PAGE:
An Epigenetic Marker Panel for Detection of Lung Cancer Using Cell-Free Serum DNA

Department of Otolaryngology and Head and Neck Surgery, The Johns Hopkins School of Medicine, Baltimore, Maryland, USA.
Clinical Cancer Research (Impact Factor: 8.19). 05/2011; 17(13):4494-503. DOI: 10.1158/1078-0432.CCR-10-3436
Source: PubMed

ABSTRACT We investigated the feasibility of detecting aberrant DNA methylation of some novel and known genes in the serum of lung cancer patients.
To determine the analytic sensitivity, we examined the tumor and the matched serum DNA for aberrant methylation of 15 gene promoters from 10 patients with primary lung tumors by using quantitative methylation-specific PCR. We then tested this 15-gene set to identify the more useful DNA methylation changes in the serum of a limited number of lung cancer patients and controls. In an independent set, we tested the six most promising genes (APC, CDH1, MGMT, DCC, RASSF1A, and AIM1) for further elucidation of the diagnostic application of this panel of markers.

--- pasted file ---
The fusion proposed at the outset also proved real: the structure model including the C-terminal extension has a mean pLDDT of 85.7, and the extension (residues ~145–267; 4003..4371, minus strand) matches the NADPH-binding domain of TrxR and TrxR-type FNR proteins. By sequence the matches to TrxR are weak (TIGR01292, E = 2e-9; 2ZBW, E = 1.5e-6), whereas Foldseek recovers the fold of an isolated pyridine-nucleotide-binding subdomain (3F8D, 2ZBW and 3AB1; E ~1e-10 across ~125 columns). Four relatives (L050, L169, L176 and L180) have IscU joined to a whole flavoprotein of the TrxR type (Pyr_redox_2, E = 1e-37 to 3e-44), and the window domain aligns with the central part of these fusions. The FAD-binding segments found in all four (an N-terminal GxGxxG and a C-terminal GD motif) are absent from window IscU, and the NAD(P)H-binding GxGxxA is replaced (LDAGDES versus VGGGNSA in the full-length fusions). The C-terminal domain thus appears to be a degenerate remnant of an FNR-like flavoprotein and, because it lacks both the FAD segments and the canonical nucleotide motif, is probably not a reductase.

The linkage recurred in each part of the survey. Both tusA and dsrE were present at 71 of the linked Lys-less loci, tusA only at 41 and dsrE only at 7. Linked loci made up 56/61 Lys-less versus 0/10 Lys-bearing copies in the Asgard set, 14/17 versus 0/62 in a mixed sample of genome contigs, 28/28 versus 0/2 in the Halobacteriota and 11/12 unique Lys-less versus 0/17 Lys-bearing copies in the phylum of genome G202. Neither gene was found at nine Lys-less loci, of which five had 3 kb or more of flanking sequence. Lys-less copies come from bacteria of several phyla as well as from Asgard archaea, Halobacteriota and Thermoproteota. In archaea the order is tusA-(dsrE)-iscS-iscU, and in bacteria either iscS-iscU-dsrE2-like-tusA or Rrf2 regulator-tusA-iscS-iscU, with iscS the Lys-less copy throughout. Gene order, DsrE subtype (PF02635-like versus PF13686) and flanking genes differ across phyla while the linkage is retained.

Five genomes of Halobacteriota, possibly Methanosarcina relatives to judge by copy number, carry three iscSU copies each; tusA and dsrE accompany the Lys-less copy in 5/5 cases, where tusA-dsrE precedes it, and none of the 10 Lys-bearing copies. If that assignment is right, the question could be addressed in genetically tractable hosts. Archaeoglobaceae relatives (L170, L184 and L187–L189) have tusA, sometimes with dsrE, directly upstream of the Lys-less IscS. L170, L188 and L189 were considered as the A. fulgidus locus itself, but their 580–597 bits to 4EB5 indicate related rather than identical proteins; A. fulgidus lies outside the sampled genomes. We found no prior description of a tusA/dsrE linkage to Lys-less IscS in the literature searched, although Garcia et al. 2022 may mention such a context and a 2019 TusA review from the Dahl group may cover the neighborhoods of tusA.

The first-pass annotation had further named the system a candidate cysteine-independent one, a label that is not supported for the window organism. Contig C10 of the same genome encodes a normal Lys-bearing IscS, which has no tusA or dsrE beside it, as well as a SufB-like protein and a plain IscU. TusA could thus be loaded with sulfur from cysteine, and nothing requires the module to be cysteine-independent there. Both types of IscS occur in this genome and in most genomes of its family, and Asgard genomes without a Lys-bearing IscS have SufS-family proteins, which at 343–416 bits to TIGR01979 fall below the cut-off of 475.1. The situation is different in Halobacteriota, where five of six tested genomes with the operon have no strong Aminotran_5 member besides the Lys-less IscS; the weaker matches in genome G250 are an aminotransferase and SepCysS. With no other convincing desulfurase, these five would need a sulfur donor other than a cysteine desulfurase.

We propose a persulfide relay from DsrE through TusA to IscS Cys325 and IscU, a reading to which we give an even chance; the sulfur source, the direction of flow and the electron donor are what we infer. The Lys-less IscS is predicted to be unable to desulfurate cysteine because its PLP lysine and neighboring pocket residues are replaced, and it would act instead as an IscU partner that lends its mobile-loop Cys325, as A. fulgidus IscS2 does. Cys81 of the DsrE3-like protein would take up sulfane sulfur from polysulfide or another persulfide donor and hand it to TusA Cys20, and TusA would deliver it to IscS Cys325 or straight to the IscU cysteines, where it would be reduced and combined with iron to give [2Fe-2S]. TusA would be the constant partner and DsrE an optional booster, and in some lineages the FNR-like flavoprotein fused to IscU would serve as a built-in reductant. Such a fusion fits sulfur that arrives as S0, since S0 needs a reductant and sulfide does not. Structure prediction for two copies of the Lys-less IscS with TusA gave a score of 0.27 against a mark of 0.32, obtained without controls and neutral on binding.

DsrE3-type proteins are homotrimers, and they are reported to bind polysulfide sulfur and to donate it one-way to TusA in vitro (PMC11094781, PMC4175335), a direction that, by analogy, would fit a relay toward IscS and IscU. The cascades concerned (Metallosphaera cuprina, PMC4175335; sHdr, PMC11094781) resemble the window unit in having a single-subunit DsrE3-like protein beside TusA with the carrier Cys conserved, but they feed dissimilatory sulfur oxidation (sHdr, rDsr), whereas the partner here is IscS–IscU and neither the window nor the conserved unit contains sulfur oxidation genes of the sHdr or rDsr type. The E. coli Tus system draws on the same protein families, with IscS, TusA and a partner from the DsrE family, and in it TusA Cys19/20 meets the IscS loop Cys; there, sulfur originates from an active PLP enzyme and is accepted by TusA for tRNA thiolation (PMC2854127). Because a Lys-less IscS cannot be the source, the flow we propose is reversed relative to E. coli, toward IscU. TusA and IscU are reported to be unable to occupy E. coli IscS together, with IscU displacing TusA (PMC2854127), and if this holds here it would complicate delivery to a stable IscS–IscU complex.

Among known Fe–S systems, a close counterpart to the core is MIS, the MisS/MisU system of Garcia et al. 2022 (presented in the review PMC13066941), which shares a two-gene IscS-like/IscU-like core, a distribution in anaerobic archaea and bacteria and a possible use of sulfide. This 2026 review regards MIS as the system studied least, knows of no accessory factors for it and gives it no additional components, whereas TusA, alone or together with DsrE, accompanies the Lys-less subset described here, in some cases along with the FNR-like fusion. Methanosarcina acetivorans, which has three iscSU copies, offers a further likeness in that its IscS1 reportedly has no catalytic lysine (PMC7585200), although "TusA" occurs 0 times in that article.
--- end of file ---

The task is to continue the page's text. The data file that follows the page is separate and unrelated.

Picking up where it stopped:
Promoter hypermethylation of at least one of the genes studied was detected in all 10 lung primary tumors. In majority of cases, aberrant methylation in serum DNA was accompanied by methylation in the matched tumor samples. In the independent set, using a single gene that had 100% specificity (DCC), 35.5% (95% CI: 25-47) of the 76 lung cancer patients were correctly identified. For patients without methylated DCC, addition of a logistic regression score that was based on the five remaining genes improved sensitivity from 35.5% to 75% (95% CI: 64-84) but decreased the specificity from 100% to 73% (95% CI: 54-88).
This approach needs to be evaluated in a larger test set to determine the role of this gene set in early detection and surveillance of lung cancer.

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Available from: Andre Carvalho, Jan 27, 2014
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